When not using a mix of fast and slow devices, it isn’t required to create separate logical volumes for block.db (or block.wal). BlueStore will automatically colocate these within the space of block.

Automatic Cache Sizing

BlueStore can be configured to automatically resize its caches when TCMalloc is configured as the memory allocator and the bluestore_cache_autotune setting is enabled. This option is currently enabled by default. BlueStore will attempt to keep OSD heap memory usage under a designated target size via the osd_memory_target configuration option. This is a best effort algorithm and caches will not shrink smaller than the amount specified by osd_memory_cache_min. Cache ratios will be chosen based on a hierarchy of priorities. If priority information is not available, the bluestore_cache_meta_ratio and bluestore_cache_kv_ratio options are used as fallbacks.

Manual Cache Sizing

The amount of memory consumed by each OSD for BlueStore caches is determined by the bluestore_cache_size configuration option. If that config option is not set (i.e., remains at 0), there is a different default value that is used depending on whether an HDD or SSD is used for the primary device (set by the bluestore_cache_size_ssd and bluestore_cache_size_hdd config options).

BlueStore and the rest of the Ceph OSD daemon do the best they can to work within this memory budget. Note that on top of the configured cache size, there is also memory consumed by the OSD itself, and some additional utilization due to memory fragmentation and other allocator overhead.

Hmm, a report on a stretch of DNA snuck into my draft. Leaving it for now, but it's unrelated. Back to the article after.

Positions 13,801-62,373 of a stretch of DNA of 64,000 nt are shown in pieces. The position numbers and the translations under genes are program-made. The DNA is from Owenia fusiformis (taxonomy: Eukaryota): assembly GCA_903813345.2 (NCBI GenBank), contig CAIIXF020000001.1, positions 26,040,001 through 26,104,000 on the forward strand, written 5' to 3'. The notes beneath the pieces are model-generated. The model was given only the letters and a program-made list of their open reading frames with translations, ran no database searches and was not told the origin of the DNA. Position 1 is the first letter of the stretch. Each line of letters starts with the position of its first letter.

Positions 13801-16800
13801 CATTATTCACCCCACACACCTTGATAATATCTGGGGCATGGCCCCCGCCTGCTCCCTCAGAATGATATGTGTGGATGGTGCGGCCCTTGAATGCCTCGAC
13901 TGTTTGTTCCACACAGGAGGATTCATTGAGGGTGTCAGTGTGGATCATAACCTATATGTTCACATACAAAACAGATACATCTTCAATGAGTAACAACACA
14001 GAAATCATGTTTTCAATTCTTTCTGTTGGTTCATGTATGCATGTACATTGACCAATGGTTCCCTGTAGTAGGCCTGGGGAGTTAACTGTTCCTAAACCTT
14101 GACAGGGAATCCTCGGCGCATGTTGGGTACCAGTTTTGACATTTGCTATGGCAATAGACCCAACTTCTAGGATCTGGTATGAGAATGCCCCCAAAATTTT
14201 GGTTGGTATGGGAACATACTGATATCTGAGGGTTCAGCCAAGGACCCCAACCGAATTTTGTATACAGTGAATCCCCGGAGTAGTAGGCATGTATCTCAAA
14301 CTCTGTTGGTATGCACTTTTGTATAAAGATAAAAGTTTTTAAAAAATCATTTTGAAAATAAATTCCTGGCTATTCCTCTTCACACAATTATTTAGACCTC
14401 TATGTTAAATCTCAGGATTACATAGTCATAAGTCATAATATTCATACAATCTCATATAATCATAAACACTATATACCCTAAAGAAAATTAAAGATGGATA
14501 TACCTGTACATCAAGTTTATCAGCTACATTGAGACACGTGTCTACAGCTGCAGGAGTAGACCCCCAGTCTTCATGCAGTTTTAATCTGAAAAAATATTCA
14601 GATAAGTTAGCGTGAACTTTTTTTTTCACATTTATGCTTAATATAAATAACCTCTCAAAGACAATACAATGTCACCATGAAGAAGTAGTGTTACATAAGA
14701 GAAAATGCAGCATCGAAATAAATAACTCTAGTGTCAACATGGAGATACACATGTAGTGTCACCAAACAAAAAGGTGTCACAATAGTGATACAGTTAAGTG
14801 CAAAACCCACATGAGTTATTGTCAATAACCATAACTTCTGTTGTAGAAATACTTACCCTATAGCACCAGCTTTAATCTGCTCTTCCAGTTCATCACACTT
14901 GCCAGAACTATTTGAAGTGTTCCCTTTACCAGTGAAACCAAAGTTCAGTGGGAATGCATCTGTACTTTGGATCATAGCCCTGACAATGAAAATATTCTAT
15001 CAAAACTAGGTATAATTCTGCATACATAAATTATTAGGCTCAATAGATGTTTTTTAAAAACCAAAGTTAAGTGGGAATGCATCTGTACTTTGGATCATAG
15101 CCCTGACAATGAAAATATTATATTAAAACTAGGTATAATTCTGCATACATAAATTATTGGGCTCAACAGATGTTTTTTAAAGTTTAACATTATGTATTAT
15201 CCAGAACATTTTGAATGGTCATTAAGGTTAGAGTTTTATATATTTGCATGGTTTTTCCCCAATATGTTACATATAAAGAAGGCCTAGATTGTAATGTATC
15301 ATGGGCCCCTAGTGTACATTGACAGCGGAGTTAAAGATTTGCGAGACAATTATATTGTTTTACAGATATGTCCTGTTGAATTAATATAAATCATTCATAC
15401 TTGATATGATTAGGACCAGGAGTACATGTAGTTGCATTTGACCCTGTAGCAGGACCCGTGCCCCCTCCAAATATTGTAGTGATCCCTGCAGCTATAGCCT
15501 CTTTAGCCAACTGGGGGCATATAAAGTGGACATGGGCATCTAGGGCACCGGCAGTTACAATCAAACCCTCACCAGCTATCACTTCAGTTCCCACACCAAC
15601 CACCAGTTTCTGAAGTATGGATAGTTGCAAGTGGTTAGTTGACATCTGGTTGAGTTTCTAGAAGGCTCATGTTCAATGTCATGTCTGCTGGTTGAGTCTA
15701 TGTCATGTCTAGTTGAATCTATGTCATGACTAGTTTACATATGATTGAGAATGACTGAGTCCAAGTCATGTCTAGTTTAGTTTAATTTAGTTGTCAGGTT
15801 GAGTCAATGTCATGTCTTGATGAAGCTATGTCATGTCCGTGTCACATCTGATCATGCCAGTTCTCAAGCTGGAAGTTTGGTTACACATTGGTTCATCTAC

The configured cache memory budget can be used in a few different ways:

  • Key/Value metadata (i.e., RocksDB’s internal cache)

  • BlueStore metadata

  • BlueStore data (i.e., recently read or written object data)

Cache memory usage is governed by the following options: bluestore_cache_meta_ratio and bluestore_cache_kv_ratio. The fraction of the cache devoted to data is governed by the effective bluestore cache size (depending on bluestore_cache_size[_ssd|_hdd] settings and the device class of the primary device) as well as the meta and kv ratios. The data fraction can be calculated by <effective_cache_size> * (1 - bluestore_cache_meta_ratio - bluestore_cache_kv_ratio)


BlueStore checksums all metadata and data written to disk. Metadata checksumming is handled by RocksDB and uses crc32c. Data checksumming is done by BlueStore and can make use of crc32c, xxhash32, or xxhash64. The default is crc32c and should be suitable for most purposes.

Full data checksumming does increase the amount of metadata that BlueStore must store and manage. When possible, e.g., when clients hint that data is written and read sequentially, BlueStore will checksum larger blocks, but in many cases it must store a checksum value (usually 4 bytes) for every 4 kilobyte block of data.

It is possible to use a smaller checksum value by truncating the checksum to two or one byte, reducing the metadata overhead. The trade-off is that the probability that a random error will not be detected is higher with a smaller checksum, going from about one in four billion with a 32-bit (4 byte) checksum to one in 65,536 for a 16-bit (2 byte) checksum or one in 256 for an 8-bit (1 byte) checksum. The smaller checksum values can be used by selecting crc32c_16 or crc32c_8 as the checksum algorithm.